For some time, firms made vast profits by exploiting pockets of opacity in the market and did little to refine management or control systems, to improve transparency or to connect with their clients, the survey suggests. Respondents to the IBM survey said that improved client service and efficiency will be critical for competitive survival in a new lower-margin financial order, a finding consistent with other more mature industries. In the future, firms will need "smarter" systems that can continuously assess their risks and returns across each line of business and adjust their business mix accordingly. At the same time these systems will also enable firms to refine client service through improved understand of profitability by business line and product as well as by individual client.
This is all extremely convenient for IBM, which two weeks ago announced the creation of a new consulting organization dedicated to the market for advanced business analytics and business optimization.
"Banks have been used to a level of volatility and business cyclicality, and are currently slashing headcount and closing business lines in order to save money, just as they have done in previous downturns. However, in the current restructuring radical efficiency improvements will be required for survival," added Ramamurthy. "Indeed IBM's analysis suggests that the current wave of redundancies and divestitures will provide insufficient savings and that firms will need to seek further efficiency improvements of 20% or more as they face the need for a level of transformation and radical business model reform not seen in previous downturns."
Although growth is expected to be sluggish through 2012; it will depend on a firm's ability to thrive in an increasingly transparent environment. For example, hedge funds (and their prime brokerage service providers as a result) will come under severe pressure as transparency reveals that the majority of funds are not delivering on their "alpha promise." Meanwhile flow businesses (derivatives in particular), passive investments and infrastructure providers such as custodians, clearing firms and exchanges will grow as a result of increased transparency and a movement away from risk assumption towards risk mitigation.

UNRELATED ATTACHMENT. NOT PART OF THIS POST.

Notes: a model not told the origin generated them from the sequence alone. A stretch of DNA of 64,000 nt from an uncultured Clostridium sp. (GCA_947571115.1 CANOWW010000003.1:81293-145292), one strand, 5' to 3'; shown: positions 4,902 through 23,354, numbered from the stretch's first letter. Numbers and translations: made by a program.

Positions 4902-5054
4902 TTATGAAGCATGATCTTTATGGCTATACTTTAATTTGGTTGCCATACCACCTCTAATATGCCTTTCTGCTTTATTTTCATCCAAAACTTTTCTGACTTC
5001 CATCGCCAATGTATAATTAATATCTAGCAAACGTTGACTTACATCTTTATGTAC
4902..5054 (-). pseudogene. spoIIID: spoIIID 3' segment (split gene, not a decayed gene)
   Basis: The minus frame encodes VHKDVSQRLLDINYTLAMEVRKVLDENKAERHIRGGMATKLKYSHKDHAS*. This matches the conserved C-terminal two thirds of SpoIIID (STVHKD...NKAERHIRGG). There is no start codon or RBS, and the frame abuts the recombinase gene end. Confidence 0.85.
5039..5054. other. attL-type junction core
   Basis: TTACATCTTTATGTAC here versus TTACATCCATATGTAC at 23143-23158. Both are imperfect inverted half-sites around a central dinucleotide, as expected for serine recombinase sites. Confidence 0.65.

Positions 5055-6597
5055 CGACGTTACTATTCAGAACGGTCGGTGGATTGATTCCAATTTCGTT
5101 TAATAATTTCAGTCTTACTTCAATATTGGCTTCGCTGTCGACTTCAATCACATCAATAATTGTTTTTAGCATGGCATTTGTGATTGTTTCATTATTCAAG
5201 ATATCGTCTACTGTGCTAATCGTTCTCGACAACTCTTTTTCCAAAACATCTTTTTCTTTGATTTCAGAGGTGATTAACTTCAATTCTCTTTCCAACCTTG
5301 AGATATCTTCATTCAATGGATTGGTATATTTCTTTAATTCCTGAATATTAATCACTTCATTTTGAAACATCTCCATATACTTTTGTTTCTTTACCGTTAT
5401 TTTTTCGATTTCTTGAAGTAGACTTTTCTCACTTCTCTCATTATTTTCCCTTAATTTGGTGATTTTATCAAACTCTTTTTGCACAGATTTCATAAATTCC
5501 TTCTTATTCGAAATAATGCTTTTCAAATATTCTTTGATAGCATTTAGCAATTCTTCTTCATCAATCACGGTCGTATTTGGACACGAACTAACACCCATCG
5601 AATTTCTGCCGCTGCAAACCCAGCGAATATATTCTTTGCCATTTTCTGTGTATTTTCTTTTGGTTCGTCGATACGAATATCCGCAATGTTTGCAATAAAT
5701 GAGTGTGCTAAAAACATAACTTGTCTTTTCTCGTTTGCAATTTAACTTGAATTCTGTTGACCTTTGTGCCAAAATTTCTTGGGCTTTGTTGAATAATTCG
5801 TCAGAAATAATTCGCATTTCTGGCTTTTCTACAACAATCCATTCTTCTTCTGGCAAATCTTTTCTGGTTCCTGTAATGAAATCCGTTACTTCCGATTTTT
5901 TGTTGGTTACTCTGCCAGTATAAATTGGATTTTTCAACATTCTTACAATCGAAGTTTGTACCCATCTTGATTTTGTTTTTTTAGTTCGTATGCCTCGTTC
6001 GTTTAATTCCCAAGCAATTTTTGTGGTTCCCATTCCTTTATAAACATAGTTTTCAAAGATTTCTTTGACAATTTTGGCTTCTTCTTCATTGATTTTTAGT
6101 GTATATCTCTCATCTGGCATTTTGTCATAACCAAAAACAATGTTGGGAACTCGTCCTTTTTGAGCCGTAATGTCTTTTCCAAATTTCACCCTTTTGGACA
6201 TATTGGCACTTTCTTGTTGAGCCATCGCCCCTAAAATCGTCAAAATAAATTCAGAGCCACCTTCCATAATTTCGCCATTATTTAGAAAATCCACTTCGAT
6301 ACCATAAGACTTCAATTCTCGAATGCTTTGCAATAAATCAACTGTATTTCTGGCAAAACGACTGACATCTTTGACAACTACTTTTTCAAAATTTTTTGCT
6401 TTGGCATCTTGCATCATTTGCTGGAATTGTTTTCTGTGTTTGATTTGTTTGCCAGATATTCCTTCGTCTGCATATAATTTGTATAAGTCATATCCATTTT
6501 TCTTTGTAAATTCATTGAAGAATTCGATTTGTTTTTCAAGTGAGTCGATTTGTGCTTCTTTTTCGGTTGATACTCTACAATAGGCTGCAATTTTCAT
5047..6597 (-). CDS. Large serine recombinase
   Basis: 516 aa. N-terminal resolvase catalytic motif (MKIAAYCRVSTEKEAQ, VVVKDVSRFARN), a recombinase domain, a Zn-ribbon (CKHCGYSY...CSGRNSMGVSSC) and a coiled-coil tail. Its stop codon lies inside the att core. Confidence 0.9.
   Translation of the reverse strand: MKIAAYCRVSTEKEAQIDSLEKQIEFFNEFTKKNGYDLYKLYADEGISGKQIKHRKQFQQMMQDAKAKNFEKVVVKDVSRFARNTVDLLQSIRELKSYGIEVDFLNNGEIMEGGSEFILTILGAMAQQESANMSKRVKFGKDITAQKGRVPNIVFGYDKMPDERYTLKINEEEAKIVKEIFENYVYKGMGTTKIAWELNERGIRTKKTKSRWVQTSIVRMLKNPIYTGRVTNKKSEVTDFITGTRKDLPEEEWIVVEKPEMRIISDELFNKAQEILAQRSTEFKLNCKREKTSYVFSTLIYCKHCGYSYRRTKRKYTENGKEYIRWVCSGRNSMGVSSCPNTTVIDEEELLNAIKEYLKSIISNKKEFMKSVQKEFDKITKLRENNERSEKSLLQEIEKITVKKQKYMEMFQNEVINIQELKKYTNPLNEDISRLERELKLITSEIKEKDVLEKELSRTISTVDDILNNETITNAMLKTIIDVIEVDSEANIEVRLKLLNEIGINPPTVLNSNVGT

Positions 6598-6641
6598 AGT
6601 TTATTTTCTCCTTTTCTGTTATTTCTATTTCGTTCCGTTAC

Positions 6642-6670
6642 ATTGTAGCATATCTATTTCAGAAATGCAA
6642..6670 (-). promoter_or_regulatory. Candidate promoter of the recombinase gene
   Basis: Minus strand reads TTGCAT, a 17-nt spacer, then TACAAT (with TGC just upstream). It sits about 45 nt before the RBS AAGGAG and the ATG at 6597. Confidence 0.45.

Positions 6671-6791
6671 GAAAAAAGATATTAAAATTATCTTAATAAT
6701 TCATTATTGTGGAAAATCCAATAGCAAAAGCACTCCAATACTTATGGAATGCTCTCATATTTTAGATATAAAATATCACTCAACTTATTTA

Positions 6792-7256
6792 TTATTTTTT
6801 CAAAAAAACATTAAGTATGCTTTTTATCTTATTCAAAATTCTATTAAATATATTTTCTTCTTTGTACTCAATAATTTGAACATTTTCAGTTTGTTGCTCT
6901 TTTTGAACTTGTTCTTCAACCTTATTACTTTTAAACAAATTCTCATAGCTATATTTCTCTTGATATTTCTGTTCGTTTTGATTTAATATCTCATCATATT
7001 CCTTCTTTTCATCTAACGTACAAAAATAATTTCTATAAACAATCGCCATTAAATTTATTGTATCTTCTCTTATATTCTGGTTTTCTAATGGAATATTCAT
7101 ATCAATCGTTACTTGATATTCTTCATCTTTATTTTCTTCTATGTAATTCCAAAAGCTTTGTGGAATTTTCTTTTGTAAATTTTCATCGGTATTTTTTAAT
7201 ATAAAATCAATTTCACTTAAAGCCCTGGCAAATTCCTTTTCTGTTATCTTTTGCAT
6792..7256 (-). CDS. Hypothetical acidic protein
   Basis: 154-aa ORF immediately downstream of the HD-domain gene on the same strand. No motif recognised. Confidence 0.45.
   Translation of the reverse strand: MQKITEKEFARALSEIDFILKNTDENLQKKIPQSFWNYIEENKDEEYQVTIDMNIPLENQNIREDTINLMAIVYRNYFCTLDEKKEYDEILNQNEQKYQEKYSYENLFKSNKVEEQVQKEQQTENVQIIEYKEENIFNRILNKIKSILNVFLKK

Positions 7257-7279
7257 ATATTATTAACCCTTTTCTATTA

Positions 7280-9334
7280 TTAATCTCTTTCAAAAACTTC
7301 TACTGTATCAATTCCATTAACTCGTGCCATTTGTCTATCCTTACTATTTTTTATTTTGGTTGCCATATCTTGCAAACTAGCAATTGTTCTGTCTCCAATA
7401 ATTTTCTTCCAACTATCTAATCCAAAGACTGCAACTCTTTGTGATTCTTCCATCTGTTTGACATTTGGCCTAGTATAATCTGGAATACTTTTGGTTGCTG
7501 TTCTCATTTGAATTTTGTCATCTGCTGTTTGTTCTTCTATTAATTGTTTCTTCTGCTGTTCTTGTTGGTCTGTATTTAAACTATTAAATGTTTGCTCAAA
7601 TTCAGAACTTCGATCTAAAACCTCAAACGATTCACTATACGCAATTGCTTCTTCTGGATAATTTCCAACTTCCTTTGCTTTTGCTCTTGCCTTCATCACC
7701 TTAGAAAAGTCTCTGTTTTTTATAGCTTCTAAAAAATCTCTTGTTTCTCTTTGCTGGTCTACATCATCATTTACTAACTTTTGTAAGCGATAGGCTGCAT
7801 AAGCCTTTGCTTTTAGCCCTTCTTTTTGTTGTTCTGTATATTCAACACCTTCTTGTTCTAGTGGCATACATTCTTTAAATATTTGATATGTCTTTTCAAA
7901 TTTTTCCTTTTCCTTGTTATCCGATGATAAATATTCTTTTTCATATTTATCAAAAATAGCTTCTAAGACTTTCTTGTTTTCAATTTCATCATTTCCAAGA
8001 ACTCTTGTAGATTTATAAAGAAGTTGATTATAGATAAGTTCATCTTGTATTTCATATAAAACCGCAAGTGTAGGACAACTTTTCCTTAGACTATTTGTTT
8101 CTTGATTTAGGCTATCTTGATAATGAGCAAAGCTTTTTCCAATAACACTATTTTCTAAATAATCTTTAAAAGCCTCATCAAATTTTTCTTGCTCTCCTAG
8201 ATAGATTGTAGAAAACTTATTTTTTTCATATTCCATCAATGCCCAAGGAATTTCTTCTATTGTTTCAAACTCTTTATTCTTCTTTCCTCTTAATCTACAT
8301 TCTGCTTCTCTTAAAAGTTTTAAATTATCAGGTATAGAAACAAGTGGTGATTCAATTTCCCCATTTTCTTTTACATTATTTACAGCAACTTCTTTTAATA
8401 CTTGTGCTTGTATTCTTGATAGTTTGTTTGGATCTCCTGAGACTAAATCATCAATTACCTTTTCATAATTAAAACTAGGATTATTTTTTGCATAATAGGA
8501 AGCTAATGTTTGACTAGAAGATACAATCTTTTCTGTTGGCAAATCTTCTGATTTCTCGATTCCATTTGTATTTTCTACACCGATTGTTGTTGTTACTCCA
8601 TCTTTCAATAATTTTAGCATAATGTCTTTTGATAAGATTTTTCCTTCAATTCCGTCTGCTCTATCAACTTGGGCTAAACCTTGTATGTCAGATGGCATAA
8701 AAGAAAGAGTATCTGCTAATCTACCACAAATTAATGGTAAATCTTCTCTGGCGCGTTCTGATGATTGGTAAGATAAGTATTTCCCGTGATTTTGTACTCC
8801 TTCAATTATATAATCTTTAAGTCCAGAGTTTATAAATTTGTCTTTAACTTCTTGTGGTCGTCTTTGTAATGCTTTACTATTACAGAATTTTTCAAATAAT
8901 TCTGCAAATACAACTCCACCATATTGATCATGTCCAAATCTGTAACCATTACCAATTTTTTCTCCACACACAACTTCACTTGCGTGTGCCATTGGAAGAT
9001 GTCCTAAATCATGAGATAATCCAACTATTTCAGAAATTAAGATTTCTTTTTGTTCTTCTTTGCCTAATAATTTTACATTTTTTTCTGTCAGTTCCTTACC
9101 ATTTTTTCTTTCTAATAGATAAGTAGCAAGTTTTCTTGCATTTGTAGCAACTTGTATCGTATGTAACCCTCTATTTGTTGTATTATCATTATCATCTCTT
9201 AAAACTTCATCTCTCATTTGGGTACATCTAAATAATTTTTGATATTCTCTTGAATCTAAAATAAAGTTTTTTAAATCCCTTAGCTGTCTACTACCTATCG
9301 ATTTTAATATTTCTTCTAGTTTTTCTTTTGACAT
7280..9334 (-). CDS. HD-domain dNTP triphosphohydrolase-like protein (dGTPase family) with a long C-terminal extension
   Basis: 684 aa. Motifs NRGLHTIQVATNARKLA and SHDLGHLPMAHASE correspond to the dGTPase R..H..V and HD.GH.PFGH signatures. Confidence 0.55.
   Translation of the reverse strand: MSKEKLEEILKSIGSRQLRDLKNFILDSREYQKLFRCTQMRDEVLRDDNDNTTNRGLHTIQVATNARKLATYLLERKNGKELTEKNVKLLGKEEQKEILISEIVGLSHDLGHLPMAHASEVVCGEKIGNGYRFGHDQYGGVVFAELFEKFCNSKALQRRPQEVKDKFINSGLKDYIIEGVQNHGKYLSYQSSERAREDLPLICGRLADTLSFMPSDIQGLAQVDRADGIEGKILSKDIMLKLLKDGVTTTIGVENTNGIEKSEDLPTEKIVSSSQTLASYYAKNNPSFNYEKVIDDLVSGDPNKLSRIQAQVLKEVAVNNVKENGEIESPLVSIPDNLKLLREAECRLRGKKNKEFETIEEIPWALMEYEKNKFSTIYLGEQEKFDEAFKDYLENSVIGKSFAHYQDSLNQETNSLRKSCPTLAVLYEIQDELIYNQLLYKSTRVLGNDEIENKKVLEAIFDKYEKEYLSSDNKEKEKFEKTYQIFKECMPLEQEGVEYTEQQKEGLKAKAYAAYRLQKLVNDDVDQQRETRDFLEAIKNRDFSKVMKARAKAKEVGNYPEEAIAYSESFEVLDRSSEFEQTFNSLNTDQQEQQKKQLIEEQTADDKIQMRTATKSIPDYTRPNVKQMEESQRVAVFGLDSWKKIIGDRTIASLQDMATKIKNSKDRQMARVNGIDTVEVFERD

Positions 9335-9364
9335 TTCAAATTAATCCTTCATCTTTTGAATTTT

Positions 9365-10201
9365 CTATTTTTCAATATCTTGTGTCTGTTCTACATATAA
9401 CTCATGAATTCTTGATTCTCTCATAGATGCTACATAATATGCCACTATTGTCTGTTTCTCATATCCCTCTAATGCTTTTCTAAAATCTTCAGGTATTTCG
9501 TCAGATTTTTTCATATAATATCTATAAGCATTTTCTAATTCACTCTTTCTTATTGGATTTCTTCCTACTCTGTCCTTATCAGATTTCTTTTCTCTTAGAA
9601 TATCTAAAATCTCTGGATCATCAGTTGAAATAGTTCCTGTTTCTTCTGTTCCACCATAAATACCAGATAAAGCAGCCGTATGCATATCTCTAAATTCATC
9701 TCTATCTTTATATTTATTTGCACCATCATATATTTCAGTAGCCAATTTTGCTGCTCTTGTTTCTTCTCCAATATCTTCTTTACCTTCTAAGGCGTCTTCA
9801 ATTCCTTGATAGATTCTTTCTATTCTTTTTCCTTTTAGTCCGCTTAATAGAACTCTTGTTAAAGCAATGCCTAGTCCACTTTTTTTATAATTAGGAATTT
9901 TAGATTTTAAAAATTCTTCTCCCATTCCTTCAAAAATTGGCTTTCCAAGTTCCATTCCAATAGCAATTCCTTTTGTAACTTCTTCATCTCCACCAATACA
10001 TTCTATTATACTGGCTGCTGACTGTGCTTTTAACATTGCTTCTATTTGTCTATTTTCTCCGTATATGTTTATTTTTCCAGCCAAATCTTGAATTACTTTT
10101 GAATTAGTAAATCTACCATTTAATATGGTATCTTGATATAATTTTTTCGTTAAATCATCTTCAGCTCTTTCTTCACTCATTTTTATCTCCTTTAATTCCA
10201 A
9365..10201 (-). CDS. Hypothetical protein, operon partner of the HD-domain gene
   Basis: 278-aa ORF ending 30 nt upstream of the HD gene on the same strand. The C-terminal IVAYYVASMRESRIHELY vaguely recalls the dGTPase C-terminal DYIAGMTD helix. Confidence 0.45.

Further findings in the report include:
-Providers and clients are disconnected 79% of the time (what clients actually value and will pay for vs. what providers think their clients value and will pay for).
-80% of firms ranked themselves as moderate to poor in delivering on their brand promises of client-centricity, agility and stability (brand promises are for multiple stakeholders including clients, governments and employees).
-Over 60% of clients believe their provider isn't acting in the best interest of the client; and nearly 60% of providers agree that they are not acting in their clients' best interest.
-The buy side understands client behavior to a greater extent vs. the sell side — but there is still room for improvement even on the buy side.
-When asked about the new world order, financial executives and government officials ranked as number one the need for greater transparency, second the need to address capital and liquidity and third the misalignment between firms' incentives and the needs of governments and individual consumers.
-70% of executives are concerned that the government will 'overshoot' and over-prioritize financial stability at the expense of innovation.